1) Do some basic research on the company or organization you are interviewing with. You should have some idea of the organization’s history, background, major successes, and products. All of this can be obtained by visiting their website, searching on Glassdoor, and doing a Google search. Bring a notepad to take notes.
2) Be prepared to explain how your past job experience, education, or training has prepared you to take on the new job duties. All job interviewers want to know how you are qualified for their position. DON’T waste the interviewers’ time! Make your answers vivid, memorable, and easy to follow. Use specific examples and results.
3) Dress appropriately for the job you’re interviewing for. Show the interviewer that you respect the interview process and the job you applied for. Express your individualism in a positive manner, through your life’s work.
4) Prepare at least 2 or 3 questions of your own, beforehand, that relate specifically to the job or company’s services. Your interview is your chance to learn more about the job specifics and about the company. Make sure the questions are relevant to the organization and position. DO NOT ask questions about pay or benefits during the initial interview! This is something to negotiate AFTER you have been offered a position, not before.
5) Have an agenda in mind of how the interview should go, as this will help you move from one part of the interview to the next and should give you some confidence. Try to answer questions briefly, as well as thoroughly, but monitor yourself and don’t dwell on anything too long, as this becomes tedious for the interviewer.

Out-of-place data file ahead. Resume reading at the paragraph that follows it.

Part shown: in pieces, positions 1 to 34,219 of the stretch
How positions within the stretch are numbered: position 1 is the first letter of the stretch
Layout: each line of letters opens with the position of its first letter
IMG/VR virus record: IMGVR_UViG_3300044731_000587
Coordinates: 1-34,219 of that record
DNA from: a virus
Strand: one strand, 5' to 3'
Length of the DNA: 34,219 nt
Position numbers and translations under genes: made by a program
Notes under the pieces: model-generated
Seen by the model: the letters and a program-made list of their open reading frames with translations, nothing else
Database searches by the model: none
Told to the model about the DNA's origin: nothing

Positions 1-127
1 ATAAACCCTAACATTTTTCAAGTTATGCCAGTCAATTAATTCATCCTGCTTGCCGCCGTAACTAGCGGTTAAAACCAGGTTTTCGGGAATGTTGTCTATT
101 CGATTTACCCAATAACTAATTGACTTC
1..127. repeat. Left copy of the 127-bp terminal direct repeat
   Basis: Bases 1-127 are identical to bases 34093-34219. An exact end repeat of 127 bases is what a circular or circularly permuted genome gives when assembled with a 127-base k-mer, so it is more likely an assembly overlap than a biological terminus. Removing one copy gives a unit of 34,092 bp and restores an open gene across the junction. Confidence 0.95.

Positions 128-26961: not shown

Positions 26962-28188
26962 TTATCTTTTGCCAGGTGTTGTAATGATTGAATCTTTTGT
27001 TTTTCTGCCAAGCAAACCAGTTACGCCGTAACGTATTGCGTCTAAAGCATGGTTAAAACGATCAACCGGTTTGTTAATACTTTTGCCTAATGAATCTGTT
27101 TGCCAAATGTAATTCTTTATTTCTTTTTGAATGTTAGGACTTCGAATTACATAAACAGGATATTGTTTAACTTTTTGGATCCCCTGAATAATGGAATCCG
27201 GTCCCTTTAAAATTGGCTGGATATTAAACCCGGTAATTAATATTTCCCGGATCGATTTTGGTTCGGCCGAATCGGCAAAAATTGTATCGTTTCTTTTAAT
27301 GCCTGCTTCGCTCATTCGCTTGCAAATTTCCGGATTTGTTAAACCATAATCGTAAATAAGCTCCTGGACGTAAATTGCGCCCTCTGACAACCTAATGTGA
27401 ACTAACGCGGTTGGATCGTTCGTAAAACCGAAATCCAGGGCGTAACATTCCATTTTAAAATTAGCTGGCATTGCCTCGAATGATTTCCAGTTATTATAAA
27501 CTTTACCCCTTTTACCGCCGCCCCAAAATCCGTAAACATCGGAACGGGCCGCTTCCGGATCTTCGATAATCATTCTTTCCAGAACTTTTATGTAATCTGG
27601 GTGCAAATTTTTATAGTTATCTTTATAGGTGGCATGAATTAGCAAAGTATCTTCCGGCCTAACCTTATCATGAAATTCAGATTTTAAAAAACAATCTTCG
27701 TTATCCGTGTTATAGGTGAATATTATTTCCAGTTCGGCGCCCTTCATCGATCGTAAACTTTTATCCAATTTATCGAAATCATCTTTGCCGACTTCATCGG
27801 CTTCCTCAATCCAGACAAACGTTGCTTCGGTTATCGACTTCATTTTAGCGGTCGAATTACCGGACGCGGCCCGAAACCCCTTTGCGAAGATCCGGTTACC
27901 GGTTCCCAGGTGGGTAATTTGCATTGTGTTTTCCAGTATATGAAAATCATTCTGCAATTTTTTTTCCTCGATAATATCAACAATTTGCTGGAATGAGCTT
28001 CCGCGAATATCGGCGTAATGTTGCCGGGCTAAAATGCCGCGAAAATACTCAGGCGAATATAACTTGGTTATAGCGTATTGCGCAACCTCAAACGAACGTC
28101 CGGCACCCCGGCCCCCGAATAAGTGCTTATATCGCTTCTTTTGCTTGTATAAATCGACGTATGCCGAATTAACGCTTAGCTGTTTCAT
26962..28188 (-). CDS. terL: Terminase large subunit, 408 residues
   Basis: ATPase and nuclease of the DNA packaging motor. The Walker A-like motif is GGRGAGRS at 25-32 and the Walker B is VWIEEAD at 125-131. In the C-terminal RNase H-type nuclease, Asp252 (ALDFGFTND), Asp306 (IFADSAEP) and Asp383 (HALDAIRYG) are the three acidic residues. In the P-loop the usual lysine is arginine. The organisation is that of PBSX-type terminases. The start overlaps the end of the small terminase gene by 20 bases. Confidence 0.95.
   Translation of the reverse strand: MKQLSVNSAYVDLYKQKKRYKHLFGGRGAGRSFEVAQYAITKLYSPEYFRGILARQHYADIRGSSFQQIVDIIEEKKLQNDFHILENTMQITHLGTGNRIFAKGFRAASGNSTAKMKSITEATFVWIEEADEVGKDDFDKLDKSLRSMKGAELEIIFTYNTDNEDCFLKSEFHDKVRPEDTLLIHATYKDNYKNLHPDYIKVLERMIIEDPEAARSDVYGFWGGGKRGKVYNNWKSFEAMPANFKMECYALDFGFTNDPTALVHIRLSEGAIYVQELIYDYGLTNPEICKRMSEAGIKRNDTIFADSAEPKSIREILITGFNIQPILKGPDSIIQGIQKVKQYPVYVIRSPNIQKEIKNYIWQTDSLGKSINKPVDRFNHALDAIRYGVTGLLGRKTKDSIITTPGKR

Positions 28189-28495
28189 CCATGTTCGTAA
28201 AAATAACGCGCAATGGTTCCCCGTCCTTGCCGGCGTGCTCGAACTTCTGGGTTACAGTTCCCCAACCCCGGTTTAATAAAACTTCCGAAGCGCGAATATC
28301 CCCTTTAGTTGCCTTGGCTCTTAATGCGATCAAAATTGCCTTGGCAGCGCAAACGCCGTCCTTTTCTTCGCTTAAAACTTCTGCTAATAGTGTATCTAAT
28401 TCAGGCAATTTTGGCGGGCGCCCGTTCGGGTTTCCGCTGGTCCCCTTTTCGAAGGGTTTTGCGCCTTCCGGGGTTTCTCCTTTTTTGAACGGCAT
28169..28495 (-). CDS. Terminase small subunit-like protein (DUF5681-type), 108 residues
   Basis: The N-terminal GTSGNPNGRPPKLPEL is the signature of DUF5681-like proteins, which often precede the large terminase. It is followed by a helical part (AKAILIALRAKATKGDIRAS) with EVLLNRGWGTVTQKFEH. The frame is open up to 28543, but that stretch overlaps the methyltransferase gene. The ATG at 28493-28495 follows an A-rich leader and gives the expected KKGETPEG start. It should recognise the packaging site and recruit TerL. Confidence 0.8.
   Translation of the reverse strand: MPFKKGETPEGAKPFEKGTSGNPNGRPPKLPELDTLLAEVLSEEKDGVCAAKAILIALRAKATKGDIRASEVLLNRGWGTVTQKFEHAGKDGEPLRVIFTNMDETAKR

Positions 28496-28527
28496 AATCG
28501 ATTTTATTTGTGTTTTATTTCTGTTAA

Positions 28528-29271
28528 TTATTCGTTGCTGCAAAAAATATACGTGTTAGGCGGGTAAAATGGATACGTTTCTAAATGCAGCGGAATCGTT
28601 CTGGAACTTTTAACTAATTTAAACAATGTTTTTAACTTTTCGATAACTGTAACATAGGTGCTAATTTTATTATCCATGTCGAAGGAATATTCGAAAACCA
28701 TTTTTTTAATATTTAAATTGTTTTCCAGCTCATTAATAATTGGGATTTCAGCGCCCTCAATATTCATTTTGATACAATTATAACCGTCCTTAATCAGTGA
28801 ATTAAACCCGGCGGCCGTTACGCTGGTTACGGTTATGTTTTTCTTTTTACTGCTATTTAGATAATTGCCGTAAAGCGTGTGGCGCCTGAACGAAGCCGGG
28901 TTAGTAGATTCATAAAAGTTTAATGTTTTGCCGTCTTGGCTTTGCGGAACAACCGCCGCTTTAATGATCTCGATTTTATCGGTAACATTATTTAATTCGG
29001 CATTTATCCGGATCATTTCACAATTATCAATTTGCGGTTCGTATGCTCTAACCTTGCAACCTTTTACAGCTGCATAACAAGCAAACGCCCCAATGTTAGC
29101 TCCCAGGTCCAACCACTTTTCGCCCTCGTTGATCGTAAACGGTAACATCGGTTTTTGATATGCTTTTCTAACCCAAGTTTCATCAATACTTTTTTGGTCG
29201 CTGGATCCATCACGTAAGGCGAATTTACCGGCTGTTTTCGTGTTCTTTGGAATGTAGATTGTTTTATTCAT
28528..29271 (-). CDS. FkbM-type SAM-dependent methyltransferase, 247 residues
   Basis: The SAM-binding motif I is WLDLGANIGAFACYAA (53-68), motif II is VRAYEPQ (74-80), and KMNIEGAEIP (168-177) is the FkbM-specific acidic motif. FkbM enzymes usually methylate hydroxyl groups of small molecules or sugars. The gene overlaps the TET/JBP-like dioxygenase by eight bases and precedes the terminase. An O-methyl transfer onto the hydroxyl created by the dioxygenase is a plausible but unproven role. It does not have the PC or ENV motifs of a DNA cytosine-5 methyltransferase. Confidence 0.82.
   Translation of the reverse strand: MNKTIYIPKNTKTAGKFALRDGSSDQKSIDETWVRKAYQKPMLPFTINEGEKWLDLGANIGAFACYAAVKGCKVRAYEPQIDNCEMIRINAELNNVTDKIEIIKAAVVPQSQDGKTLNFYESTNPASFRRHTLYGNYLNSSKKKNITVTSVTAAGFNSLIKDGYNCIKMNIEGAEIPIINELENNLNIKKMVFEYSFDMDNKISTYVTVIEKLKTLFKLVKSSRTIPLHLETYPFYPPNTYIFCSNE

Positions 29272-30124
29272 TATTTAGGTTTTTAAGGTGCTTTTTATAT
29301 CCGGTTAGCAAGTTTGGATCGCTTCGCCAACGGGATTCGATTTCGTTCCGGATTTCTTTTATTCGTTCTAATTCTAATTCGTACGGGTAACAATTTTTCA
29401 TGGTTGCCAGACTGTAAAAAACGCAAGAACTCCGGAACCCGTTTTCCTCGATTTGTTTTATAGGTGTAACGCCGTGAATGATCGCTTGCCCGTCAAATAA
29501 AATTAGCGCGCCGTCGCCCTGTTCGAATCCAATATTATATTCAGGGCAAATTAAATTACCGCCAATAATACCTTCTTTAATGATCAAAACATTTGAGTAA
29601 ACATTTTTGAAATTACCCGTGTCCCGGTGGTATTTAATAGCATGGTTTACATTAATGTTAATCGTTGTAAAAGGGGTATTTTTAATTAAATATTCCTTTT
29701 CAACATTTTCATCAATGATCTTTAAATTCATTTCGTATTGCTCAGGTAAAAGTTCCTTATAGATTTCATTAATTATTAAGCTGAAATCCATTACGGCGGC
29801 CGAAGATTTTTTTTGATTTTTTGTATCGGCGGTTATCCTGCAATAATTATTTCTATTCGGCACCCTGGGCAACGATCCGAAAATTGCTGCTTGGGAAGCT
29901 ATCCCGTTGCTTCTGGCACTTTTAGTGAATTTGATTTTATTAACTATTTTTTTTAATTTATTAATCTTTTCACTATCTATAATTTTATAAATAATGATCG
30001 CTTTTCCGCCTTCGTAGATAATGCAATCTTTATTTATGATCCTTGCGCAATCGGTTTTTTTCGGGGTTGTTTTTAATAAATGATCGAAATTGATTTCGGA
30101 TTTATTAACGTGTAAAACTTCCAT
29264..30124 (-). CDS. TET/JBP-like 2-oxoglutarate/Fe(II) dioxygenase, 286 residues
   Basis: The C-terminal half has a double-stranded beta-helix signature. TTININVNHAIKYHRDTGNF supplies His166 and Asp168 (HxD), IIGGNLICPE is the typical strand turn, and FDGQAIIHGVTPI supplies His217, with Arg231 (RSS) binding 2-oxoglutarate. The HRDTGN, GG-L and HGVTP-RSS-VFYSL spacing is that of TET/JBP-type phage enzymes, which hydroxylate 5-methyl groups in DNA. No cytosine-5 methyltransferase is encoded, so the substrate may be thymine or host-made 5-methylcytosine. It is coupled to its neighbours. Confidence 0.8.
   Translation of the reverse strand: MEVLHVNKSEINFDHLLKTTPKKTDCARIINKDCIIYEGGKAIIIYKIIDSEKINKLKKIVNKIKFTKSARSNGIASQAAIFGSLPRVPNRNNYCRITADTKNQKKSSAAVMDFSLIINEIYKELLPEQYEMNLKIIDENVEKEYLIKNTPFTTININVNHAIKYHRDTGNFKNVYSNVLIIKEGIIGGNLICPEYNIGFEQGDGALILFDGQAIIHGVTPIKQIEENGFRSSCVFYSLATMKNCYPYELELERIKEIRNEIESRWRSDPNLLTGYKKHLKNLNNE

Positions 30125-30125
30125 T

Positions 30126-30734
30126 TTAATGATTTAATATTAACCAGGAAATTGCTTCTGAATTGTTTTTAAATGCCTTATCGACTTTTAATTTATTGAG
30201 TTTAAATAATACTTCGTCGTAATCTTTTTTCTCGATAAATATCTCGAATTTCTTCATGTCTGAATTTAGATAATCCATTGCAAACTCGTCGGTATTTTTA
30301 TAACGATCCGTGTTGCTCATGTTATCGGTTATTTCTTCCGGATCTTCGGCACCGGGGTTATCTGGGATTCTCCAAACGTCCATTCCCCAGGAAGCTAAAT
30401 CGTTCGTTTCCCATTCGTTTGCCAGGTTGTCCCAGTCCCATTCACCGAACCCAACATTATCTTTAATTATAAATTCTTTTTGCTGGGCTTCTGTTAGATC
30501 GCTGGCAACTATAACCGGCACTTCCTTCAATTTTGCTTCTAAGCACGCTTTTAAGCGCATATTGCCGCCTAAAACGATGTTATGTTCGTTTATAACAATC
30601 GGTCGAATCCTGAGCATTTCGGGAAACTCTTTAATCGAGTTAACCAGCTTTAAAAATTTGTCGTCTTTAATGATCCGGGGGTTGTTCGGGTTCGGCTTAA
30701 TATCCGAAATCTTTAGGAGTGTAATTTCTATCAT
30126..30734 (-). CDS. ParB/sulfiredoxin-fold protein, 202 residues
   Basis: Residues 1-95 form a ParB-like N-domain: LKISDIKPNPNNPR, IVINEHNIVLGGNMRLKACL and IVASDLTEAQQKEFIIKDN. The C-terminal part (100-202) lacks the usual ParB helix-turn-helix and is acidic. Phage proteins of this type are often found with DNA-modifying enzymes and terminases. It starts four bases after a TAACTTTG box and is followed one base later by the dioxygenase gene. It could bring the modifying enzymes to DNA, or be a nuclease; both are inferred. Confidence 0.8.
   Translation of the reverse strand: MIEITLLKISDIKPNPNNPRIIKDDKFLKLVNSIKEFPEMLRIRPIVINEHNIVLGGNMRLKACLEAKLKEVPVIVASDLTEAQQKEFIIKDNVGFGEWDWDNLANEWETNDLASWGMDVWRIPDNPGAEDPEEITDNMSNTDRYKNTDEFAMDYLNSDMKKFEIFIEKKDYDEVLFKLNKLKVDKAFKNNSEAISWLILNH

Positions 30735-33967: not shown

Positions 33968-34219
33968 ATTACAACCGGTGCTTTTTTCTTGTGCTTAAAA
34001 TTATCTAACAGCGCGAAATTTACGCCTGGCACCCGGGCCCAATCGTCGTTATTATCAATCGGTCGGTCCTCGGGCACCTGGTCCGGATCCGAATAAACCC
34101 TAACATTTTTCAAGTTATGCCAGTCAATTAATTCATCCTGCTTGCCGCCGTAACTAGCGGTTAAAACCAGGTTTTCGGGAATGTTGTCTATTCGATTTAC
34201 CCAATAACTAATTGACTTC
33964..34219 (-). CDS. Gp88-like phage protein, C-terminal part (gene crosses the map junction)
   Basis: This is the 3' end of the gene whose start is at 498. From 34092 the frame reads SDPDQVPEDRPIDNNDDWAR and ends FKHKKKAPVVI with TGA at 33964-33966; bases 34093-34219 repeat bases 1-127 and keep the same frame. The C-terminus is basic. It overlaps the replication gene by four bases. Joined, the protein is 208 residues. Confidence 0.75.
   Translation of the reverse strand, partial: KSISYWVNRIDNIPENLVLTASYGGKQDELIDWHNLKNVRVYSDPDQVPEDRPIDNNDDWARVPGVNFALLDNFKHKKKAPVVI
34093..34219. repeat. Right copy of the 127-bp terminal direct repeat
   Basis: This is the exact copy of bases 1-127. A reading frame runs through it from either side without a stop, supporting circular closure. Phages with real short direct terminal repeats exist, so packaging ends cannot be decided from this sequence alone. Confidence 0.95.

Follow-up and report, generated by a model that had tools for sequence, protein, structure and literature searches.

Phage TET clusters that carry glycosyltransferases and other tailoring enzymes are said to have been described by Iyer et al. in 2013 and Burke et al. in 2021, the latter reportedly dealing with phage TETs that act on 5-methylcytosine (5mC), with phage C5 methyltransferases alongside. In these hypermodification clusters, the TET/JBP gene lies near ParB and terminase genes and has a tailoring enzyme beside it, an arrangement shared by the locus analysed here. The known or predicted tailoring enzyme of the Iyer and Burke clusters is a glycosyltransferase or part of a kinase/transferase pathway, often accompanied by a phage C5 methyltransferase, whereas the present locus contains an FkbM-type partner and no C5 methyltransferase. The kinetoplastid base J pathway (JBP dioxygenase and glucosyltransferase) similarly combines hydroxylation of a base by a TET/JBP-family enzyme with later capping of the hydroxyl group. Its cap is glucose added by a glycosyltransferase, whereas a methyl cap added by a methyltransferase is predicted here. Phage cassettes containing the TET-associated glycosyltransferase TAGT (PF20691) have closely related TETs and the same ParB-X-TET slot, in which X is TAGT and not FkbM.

6) Be aware of your body language and interview behavior. It’s okay to be a little nervous, but don’t appear stiff. Give a firm, but normal handshake, sit-up, and appear interested and energetic. Maintain appropriate eye contact with the interviewer(s) to convey confidence. Be polite and avoid slang and profanities. You want to appear polished and professional. Lastly, stand to shake hands with anyone that you meet.
7) Do your best to put the interviewer at ease. Interviewing can be a lengthy, tedious process for the person(s) doing the interviewing. If you try and make the interview as smooth and professional as possible for everyone, you will help make their job easier and improve your chances of selection. Be considerate of the interviewer. Arrive on time and don’t take up more time than is allotted and necessary.
8) Be prepared to verbally list your strengths, along with some examples, especially as they relate to the desired job. Do not dwell on weaknesses, but instead, turn your weakness into a strength. Always be realistic with your answers. If you have never experienced a specific question (i.e., explain a time when…), tell your interviewer how you would handle that situation.
9) Be ready for surprises, such as hypothetical questions relating to your character (i.e. “what would you do if you caught an employee stealing from the company”). If you get asked a question you don’t know, be honest and don’t try to wiggle out of it, it will only make matters worse.
10) The final stage of the job interview is critical. You need to leave the interviewer with the impression that you are the right candidate for the job. Make sure to address any concerns the interviewer may have. Additionally, express your enthusiasm for the position and ask what the next step will be. Ask for a business card from everyone you interview with if you are not given one. This way you can send a thank you note to everyone you interviewed with. Be sure to send a thank you within 24 hours of the interview.